Pregnant tigress climbs palm tree in Bengal village

February 18th, 2008 - 5:29 pm ICT by admin  

Kolkata, Feb 18 (IANS) After 14 hours of high drama, West Bengal forest officials Monday rescued a pregnant tigress which had strayed into a village outside the Sundarbans tiger habitat area and climbed a date palm tree. The incident took place at Deulbari village near Kultali in South 24-Parganas district, about 250 km from the state capital.

“The tigress is now under observation and experts are examining her health. The tigress came out of the forest late Sunday night in search of a safe place as she is pregnant,” West Bengal Sundarbans Affairs Minister Kanti Ganguly said.

He said four villagers of Deulbari received minor injuries when they helped forest department officials catch the animal. One of them was taken to hospital.

The forest officials and police reached the spot and shot the tigress with tranquilliser guns. The officials also cordoned off the area with nets.

Finally, when the tigress fell asleep, it was rescued and sent back to the Sundarbans forest belt by a boat.

A live video footage of a TV channel shows villagers beating the pregnant tigress with sticks and throwing stones at her while catching her in the net.

“The incident took place outside the Sundarbans Tiger Reserve area. The forest department officials were there and rescued the animal,” Sundarbans Tiger Reserve (STR) director Niraj Singhal told IANS.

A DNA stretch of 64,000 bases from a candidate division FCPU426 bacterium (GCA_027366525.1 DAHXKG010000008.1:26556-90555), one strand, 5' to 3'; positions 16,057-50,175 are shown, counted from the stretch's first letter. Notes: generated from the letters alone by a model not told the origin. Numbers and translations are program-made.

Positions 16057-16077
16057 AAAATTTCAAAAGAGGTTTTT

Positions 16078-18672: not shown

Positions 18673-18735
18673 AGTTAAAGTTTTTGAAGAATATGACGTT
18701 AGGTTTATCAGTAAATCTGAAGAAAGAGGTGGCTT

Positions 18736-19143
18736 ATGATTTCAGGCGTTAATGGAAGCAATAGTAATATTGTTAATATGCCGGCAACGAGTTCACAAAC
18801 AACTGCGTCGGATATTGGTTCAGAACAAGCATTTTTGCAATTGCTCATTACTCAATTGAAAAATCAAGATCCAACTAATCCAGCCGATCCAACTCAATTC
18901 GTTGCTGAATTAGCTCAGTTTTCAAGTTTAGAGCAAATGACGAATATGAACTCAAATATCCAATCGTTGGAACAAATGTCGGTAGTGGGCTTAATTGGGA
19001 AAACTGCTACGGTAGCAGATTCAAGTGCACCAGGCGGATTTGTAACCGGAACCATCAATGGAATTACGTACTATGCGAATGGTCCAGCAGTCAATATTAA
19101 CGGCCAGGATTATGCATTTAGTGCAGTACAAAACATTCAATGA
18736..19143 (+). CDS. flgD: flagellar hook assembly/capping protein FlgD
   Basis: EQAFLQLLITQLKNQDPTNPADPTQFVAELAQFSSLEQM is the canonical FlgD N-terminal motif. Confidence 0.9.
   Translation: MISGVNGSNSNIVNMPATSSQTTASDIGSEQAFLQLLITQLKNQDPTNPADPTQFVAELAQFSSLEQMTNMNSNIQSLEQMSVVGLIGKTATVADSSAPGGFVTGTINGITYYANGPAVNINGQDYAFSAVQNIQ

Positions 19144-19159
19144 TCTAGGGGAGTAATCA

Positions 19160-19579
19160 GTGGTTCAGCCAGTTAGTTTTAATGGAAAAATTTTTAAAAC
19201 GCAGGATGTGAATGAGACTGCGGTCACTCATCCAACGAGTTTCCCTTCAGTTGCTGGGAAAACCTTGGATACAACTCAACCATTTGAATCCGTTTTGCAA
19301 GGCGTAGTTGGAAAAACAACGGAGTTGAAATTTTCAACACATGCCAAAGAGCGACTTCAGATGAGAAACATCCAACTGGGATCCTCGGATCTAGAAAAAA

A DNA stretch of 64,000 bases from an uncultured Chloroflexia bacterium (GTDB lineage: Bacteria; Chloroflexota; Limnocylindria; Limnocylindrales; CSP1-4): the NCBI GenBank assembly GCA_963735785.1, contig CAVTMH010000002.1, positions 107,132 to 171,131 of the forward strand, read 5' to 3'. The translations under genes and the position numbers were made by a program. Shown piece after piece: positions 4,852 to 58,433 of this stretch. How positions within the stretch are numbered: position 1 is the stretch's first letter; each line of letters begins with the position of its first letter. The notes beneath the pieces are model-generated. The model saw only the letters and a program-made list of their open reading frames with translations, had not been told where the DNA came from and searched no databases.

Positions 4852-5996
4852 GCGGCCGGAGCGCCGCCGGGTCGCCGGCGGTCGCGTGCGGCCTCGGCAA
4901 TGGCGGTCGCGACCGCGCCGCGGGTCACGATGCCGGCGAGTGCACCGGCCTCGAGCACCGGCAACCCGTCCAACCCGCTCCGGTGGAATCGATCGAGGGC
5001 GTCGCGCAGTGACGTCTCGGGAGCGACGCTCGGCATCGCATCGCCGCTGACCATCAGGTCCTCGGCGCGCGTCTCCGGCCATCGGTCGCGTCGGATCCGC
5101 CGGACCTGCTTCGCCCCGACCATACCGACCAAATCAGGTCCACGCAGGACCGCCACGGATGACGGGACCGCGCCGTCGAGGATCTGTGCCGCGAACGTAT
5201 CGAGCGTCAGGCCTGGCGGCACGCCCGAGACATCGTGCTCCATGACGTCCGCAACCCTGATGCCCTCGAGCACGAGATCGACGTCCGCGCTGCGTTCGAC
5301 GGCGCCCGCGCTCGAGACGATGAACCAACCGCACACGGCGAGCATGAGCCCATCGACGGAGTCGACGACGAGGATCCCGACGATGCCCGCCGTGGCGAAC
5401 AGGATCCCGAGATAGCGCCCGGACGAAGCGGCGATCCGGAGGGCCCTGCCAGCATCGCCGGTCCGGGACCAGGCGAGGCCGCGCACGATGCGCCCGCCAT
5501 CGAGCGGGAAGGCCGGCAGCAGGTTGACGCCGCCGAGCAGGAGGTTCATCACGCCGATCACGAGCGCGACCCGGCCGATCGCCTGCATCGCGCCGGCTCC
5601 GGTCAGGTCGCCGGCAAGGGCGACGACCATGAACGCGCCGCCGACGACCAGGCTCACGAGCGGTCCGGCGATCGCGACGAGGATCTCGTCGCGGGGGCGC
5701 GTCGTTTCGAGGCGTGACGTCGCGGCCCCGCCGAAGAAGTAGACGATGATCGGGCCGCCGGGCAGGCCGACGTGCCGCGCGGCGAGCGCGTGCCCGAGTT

Sundarbans, which comprises about 10,000 sq km of marshlands and mangrove forests along the coast of the Bay of Bengal, is one of the last natural habitats of the tiger.

West Bengal principal chief conservator of forest (PCCF) Atanu Raha said the tigress was successfully caught and sent back to the forest.

“The catching technique may vary depending upon the situation. The forest officials took the right steps in capturing the animal,” Raha said.

“The state government will bear the medical expenditure of the four villagers who were injured by the tigress during the rescue operation,” Minister Ganguly said.

According to the latest tiger census released by the government last week, the total number of tigers across the country stands at 1,411, a dramatic fall from 3,642 in the 2001-02 census.

While the latest census did not cover the Sundarbans, forest officials said there were 249 tigers in the Sundarbans Tiger Reserve and 279 in greater Sundarbans.

The number was based on pugmarks of individual tigers. But through an analysis of the same pugmarks, the Indian Statistical Institute (ISI) said in July 2006 there were only 75 tigers left in the Sundarbans.

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